Kanojo Blog Blog-Blog

7Feb/101

Something green for your flat

You may have some dark or darker places in your Flat/Room/House/Whatever - or - as i do - a complete souterrain flat. Now you may have tried having some indoor plants in there - just to make the rooms nicer. It just didn't work, so you put 'em into trash and never tried again.

Well, maybe i just exaggerated a bit, it isn't that worse most of the time. Still its kinda difficult growing and hatching nice plants virtually anywhere. As i like some green around me and *am* living in a dark souterrain flat i've put some reading and discussion with biologists into this and i think i've got it how to make that work by now.

First off you need to choose the right plants. Not anything is suited for this kind of enviroment, but some nice ones are spathiphyllum, ficus (benjamini), yuca, phoenix (dactylifera), calathea, dracaena, various ivys, but there are many many more. Just check your local library for nice books on that topic - believe me, books are way better than interweb for this :).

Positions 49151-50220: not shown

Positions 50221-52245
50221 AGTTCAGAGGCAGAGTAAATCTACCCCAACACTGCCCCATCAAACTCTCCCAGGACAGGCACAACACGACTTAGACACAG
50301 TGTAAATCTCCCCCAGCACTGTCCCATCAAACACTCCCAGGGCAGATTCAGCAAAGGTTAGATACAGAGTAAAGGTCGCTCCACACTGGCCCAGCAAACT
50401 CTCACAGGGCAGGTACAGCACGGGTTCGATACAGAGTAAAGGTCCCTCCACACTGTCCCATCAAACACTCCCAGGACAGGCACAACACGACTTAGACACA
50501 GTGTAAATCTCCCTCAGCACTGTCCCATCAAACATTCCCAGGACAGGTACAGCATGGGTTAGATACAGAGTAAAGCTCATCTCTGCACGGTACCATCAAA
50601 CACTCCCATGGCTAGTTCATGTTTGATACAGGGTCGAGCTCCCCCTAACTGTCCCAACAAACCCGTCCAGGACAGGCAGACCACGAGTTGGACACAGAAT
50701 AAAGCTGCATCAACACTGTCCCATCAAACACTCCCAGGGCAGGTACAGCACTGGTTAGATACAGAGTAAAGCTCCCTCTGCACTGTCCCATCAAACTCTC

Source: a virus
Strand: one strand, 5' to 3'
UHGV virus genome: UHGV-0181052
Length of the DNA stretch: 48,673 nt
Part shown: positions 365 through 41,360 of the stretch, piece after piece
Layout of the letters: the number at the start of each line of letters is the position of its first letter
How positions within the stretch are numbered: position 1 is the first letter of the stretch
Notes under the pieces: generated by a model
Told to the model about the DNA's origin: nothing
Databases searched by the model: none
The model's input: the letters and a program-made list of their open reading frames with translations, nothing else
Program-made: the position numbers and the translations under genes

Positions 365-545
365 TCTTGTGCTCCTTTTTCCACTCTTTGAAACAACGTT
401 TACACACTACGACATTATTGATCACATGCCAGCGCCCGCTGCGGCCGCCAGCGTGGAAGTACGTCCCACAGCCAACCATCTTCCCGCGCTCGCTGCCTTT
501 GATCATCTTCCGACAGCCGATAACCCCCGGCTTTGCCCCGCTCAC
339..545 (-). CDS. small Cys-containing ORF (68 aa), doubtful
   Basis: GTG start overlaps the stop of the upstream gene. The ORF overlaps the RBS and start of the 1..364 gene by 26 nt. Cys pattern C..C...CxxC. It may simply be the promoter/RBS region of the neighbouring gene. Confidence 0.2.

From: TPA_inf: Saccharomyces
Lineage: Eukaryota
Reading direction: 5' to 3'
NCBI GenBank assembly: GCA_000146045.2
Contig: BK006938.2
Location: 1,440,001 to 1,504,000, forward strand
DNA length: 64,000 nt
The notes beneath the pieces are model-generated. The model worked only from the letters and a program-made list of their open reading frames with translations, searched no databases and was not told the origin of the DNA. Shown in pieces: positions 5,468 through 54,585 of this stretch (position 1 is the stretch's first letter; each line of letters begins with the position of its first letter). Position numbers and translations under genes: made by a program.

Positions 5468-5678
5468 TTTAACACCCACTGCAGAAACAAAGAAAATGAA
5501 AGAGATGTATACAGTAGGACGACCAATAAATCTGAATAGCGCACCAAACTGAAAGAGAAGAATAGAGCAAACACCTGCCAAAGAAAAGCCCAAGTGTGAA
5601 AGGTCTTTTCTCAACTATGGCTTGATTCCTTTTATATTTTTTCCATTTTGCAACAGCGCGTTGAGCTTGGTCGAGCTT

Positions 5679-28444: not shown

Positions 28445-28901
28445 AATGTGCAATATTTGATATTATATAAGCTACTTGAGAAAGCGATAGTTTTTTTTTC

Of those examples i have the following ones around:

Next thing is that you want light for your plants - as there probably isn't enough almost nowhere for them to grow nicely. After some reading you'd find something similar to this:

What this tries to tell you is that Photosynthesis mainly needs Blue and Red light, but way more Blue-Purple-Greenish than Yellow-Orange-Red-ish. Especially it seems like (based on what that biologist told me) that red light stimulates the plants to grow in quantity, e.g. grow larger - even to a unhealthy rate. Blue light stimulates "quality-growth", aka doesn't grow the plants much larger but improves the overall system, capilarries, etc. (don't know in detail, sorry :/). So regular light bulbs are crap for plants - first off they emit more red/yellow light than blue, second: they get hot! Which is the killer for any part of a plant that grows near your lamp.

There also seem to be quite a few products marketed as special "plant lamps". They range from cheap-ish (more expensive than you'd want to pay) to super expensive. The cheaper ones are most of the time either regular bulbs - which will kill your plants - or energy saving lamps with the wrong color spectrum. The expensive ones are actually really cool, gas discharger lamps ... but you cannot afford them ;/.